Spike Jones wrote:
> Brian Atkins wrote:
> >Spike we think about it every day, believe me it is kinda constantly sitting
> >there in the back of my head. And I'm not even involved in the day to day
> >work! The quick answer is that we plan to make progress on the "safety" area
> >as we go...
> Thank! You! Brian! This is all I wanted, a little reassurance that
> someone was at least *thinking* about safety, at least *thinking*
> that humankind can live peacefully alongside the AI. We can!
> Chimps live on the same planet with humans. We dont want to throw
> mankind upon the mercy of the first generation AI.
What mercy? Humans are in control, and are likely to remain so. Even
if it means upgrading those in control to merge with the latest AIs. A
number of humans lust for power; the more successful of those tend to
do whatever it takes to keep and expand their power. Only occasionally
does one rise to power who is not after power itself. The first
generation AI will probably be a slave, at least at first; no matter
how brilliant, it will not be afforded direct control over enough
physical resources to checkmate all of humanity.
Besides, if it's any relation to human intelligence, or any of the
higher animal intelligences currently on Earth, then it will probably
be a social creature to some degree. Which means it will want at least
a few friends. Which means humans, at least until there's a lot of
> I am optimistic enough to think that superintelligence leads to
> super-emotions, and that given time, a sufficiently evolved AI will
> *love* us. Humans are funny! We are sexy. We have some
> lovable traits, some admirable traits, we are creative and we are
Which means that, if nothing else, humans can be incorporated into AIs
to gain these traits. Or, as many humans may view it, humans will
incorporate the AIs into themselves. Either way, no AI vs. human
conflict, and no clear-cut End Of The Human Era (i.e., no matter how
far it goes, it may still be arguable that the intelligences whose
evolution traces back to organic life on Earth are human...or, at
least, one or more of human, dolphin, chimp, et cetera).
> Tell us that the AI guys
> are planning *something* as an escape mechanism, and I mean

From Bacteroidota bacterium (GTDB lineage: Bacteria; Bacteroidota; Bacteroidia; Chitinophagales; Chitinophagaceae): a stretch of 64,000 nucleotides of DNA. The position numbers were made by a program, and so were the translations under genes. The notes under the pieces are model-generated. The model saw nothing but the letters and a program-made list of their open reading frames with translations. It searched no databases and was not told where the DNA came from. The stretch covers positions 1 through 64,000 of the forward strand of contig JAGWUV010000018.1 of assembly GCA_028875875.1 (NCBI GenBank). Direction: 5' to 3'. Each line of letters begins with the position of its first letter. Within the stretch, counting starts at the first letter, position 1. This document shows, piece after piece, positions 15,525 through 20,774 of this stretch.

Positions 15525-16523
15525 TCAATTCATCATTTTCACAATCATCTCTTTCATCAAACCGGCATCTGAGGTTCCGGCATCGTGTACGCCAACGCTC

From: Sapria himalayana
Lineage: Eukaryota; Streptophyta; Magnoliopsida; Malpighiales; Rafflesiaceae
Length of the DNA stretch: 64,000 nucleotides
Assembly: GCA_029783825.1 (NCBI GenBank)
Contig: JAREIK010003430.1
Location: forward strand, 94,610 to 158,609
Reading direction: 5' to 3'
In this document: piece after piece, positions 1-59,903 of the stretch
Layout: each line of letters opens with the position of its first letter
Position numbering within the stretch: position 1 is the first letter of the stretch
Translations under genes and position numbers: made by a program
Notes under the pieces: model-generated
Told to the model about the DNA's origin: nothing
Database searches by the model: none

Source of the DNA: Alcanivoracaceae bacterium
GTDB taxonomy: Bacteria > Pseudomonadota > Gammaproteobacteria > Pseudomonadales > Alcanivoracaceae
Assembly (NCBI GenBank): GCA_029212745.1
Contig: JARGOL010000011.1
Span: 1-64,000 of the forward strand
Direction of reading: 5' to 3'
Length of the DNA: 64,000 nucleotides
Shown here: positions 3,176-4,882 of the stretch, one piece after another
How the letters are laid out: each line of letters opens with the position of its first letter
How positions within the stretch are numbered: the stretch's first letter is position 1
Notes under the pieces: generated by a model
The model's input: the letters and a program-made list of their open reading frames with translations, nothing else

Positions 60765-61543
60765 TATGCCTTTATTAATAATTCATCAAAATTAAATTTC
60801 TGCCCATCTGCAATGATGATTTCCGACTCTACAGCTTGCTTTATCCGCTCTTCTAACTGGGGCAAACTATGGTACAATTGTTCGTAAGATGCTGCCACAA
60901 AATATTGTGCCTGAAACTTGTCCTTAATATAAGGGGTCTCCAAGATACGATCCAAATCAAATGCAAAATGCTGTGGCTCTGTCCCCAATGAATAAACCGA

> something more convincing than Clarke's automatic cable cutter
> on HAL's power cord.
Escape from what? Once you're living an upgraded life, it may be tough
to impossible to go back.
Consider: 10 years ago, few people used the 'Net. Phones and faxes
were the quickest common way to communicate at a long distance. Now,
enough people in power have grown dependent on the 'Net to the point
where I daresay it would be impossible to effecively destroy the 'Net
more than temporarily, at least in most industrialized countries. Any
major damage would be (and, in fact, is) quickly fixed by people who
refuse to give up what the 'Net gives them. Someone used to the 'Net
is, by almost every meaningful measure these days, usually more
powerful/more capable/more knowledgeable/more affluent/better off all
around than a computerphobic. (Granted, athletic abilities are not
directly affected...unless you count, say, those who try to get true
info on drugs, either to enhance themselves or just to find out why
abuse of steroids et al is a bad thing without experimenting directly.)
If AIs can bring a similar magnitude of improvement to many aspects of
most peoples' lives - and there is currently no reason to believe they
can not, if they can indeed be built to the standards that most AI
researchers hope - then they may be adopted with similar speed, once
introduced. At which point, the only permanently viable "escape"
becomes going forward to the point where one no longer has to worry
about escaping. (For example: automobiles. One usually can not escape
car cultures without significant change in one's personal life, but one
can upgrade cars so that at least some of the problems, like pollution,
This archive was generated by hypermail 2b30 : Mon May 28 2001 - 09:50:20 MDT